A preprint is available from arxiv.org/abs/1401.3334

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User comments : 6

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Tuxford
1 / 5 (8) Jan 17, 2014
Just more support for LaViolette's inside-out continuous creation galactic growth model. The core is the source, not the sink, and grows naturally from within overtime. The bigger it gets, the more active it grows and the more it ejects, eventually forming the bars along the polar ejection axes. Gosh, this is really simple. Fortunately, I am not burdened with the anointed intelligence of academics. Otherwise, I might be confused by the Huge Bang fantasy.

http://phys.org/n...ies.html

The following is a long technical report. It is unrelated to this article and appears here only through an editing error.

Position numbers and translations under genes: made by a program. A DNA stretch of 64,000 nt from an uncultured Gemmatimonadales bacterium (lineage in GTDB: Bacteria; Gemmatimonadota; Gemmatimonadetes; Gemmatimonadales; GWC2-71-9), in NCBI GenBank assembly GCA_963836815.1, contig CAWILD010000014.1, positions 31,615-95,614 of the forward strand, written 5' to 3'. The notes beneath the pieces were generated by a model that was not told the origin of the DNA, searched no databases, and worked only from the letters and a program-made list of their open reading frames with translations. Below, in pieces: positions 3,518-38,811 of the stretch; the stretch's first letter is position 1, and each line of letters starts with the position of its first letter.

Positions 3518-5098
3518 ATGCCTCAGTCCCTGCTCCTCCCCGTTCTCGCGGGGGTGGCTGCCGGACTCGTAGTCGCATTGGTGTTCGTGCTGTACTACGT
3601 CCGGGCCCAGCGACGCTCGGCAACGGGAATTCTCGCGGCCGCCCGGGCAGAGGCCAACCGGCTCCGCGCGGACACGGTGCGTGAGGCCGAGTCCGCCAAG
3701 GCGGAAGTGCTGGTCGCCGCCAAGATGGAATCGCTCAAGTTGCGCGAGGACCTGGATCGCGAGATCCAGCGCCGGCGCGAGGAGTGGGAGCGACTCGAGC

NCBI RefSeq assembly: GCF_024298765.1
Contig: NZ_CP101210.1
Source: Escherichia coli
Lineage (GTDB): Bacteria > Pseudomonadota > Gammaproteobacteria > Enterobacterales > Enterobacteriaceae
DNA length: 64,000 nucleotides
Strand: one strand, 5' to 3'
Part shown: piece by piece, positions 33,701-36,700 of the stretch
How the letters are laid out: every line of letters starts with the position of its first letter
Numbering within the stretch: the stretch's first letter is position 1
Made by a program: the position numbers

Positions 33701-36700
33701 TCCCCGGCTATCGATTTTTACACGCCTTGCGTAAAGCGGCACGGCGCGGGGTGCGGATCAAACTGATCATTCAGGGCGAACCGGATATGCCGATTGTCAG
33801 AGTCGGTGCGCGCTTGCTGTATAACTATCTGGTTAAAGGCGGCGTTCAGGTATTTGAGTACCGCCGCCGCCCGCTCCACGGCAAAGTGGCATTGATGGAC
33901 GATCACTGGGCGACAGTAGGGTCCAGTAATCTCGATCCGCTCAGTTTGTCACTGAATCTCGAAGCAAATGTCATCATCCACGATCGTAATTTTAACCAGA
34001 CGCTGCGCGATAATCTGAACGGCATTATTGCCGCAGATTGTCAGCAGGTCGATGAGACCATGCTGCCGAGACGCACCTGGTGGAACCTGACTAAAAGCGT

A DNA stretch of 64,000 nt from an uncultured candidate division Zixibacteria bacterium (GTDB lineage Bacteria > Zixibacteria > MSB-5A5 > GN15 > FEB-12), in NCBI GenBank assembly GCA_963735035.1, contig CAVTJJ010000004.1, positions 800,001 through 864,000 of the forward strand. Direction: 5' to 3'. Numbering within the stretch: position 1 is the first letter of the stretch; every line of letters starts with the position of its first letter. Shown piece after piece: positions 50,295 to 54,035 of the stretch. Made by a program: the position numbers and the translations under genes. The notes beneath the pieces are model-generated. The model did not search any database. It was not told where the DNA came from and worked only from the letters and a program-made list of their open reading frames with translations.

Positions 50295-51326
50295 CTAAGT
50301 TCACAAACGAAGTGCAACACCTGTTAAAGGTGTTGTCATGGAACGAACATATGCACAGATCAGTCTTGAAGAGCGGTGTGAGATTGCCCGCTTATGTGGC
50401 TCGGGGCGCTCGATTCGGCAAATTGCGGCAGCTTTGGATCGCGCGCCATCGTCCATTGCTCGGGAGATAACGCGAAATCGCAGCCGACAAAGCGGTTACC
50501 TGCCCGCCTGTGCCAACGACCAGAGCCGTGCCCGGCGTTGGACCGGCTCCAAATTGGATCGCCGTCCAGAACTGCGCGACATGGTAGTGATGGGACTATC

http://phys.org/n...ter.html

http://phys.org/n...ars.html

http://phys.org/n...022.html

At least, sometimes the simple explanation is the correct explanation.
casualjoe
not rated yet Jan 17, 2014
Wow this has made all that classifying really worth while.
OZGuy
5 / 5 (4) Jan 17, 2014
Fortunately, I am not burdened with the anointed intelligence of academics.


Given your normal protracted rantings on any subject I can assure you most of us do not consider you burdened with any intelligence.
RobertKarlStonjek
3 / 5 (2) Jan 17, 2014
Lenticular galaxies are far brighter than both regular barred and unbarred galaxies thus making barred galaxies ever harder to detect at greater distances.

[Paper: Luminosities of Barred and Unbarred S0 Galaxies]
http://arxiv.org/abs/1205.6183

In the paper they say that bright galaxies existed in the past (at long distances) and dim galaxies are mor prevalant locally.